Brioche is a rich, eggy bread you can make at home.
Homegrown and Handmade shows how making things from scratch and growing at least some of your own food can help you eliminate artificial ingredients from your diet, reduce your carbon footprint and create a more authentic life. Author Deborah Niemann writes from the perspective of a successful, self-taught modern homesteader, in a well-illustrated, practical and accessible manual for a simpler life. In this excerpt, get tips for using your poultry to its full potential by making this recipe for brioche, a buttery bread.
You can buy this book from the GRIT store: Homegrown and Handmade.
• Cooking With Eggs From Your Backyard Flock
• Crustless Quiche Recipe
• Easy Homemade Noodles Recipe
• Farm-Fresh Chicken Soup Recipe
• Homemade Mayonnaise Recipe
• Turkey Stroganoff Recipe
• Crème Brûlée Pie Recipe
This bread is a great way to use up nine eggs quickly, and it is the perfect bread for French toast and bread pudding, which will use up even more eggs.
1 1/2 cups warm water (temperature of bath water)
1 1/2 tablespoons yeast
1 tablespoon salt
1 1/2 cups (3 sticks) butter
1/2 cup honey
8–10 cups flour
Put the first three ingredients into a large mixing bowl or the bowl of a stand mixer that has a 6-quart bowl. Melt the butter in the measuring cup, and add it to the bowl. Then use the buttery measuring cup to measure the honey and add it to the bowl. (You do this so the honey slips right out of the cup.) Add the eggs and 7 cups of the flour and begin mixing. The dough will be sticky when everything is thoroughly mixed. Begin adding flour in 1/2 cup increments, mixing thoroughly between additions, up to 8 1/2 cups. At some point, you will probably have to give up the spoon and start mixing with your hands. When you have added 8 1/2 cups of flour, add more in 1/4-cup increments until the dough is no longer sticky. If you are using a mixer with a dough hook, the dough is ready when the dough hook is pushing it around the bowl in a ball. Do not add any additionalflour once it reaches that point. Towards the end, you should add flour a couple of tablespoons at a time because it is much easier to make wet dough drier than the other way around.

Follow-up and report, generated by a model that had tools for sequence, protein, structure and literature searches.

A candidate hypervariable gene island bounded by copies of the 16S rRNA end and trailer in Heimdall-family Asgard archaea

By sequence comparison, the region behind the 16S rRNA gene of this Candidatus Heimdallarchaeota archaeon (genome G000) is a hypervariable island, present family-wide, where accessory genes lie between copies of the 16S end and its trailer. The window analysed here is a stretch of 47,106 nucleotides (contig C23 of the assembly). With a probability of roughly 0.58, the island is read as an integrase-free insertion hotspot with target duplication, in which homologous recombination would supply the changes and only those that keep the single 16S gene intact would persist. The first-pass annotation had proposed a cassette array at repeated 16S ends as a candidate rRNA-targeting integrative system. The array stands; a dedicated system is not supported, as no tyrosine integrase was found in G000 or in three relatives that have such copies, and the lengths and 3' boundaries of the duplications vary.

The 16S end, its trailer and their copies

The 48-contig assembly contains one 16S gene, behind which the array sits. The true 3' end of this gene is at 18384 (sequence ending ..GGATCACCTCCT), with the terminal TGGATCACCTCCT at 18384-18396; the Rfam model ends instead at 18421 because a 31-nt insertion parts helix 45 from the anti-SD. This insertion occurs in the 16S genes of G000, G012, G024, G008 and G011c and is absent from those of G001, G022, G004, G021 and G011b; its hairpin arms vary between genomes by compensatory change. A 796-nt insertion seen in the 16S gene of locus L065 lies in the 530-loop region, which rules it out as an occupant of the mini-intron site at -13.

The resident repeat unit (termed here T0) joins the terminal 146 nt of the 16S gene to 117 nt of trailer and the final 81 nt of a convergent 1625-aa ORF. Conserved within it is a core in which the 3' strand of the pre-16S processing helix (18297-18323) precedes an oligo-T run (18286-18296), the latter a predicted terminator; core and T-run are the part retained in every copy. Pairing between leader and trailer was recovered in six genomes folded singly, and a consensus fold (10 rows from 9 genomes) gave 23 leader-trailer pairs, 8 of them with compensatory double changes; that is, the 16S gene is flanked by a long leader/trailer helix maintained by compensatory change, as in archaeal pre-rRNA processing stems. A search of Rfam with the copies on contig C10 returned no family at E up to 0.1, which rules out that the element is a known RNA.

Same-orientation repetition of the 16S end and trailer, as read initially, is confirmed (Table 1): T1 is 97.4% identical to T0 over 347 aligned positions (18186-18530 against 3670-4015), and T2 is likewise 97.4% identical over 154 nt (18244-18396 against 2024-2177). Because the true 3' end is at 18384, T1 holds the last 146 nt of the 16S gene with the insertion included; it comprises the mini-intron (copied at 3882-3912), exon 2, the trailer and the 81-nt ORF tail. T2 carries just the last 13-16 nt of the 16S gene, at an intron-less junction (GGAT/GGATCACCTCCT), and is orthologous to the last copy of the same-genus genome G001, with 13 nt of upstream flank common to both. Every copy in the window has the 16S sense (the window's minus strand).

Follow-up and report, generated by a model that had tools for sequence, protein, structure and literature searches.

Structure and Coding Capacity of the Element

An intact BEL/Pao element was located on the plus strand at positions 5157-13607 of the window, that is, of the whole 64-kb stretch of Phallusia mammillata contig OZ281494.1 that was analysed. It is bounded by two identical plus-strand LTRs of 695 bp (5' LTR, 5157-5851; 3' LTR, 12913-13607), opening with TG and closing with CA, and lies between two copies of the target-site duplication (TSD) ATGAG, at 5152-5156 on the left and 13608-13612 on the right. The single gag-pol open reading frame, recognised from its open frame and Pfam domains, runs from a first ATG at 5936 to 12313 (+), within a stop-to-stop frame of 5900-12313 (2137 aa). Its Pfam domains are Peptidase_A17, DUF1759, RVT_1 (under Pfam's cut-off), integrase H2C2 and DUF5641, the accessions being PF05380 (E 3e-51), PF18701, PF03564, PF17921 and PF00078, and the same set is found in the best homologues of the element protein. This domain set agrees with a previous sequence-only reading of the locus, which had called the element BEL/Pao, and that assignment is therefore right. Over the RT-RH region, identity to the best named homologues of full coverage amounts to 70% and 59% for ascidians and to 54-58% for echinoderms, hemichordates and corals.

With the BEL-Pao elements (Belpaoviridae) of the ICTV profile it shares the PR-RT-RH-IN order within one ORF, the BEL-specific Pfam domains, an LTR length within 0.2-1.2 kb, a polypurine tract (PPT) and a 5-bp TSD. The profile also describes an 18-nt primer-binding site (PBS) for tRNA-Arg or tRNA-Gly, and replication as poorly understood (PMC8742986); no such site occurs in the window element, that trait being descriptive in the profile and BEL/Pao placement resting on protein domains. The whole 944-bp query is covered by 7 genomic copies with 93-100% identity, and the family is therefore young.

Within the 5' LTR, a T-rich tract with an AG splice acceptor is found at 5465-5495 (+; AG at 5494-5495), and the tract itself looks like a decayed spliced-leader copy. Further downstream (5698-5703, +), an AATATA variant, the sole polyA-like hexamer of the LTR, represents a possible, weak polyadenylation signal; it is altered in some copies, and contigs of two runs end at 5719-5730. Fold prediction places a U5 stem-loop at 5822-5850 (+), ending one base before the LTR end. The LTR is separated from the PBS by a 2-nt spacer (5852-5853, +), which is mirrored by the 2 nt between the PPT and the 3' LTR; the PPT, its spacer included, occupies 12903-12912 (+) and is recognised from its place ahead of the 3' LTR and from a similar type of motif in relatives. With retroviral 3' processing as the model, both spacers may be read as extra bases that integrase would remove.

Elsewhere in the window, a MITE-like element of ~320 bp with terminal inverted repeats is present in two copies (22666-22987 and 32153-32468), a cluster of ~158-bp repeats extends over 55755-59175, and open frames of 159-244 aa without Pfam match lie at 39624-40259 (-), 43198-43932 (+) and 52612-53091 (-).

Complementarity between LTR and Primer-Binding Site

Cover the bowl and let the dough rise for 1 or 2 hours. Punch it down and separate it into three loaves for baking now, or pull off 1/3 of the dough to bake now and put the remainder of the dough in the refrigerator for baking in a few days. I never mix up a single loaf of bread for two reasons. First, it takes no more time to mix up three loaves than one. Second, my mixer has a hard time mixing up a single loaf because the bowl is so large. If you have a smaller mixer bowl, you can reduce the recipe by 1/3 to make two loaves at a time instead of three.
Butter or oil the loaf pans. If the dough is fresh, let it rise for about 30 minutes after shaping and putting it into the loaf pans. If the dough has been refrigerated, it will need 90 minutes to 2 hours to warm up and rise, depending upon the temperature in your house. Preheat oven to 350°F and bake for 35 to 40 minutes. Yeast bread is done when you thump it and it sounds hollow. If you are not clear on that “hollow” thing, color is a pretty good indicator when you bake it at 350°F. If it is pale, it’s probably not done, so give it another 5 minutes. It should be golden brown. If you want a more scientific answer, you can stick a thermometer into the center of the loaf, and it should be about 200°F.
This excerpt has been reprinted from Homegrown and Handmade by Deborah Niemann and published by New Society Publishers, 2011. Buy this book from our store: Homegrown and Handmade.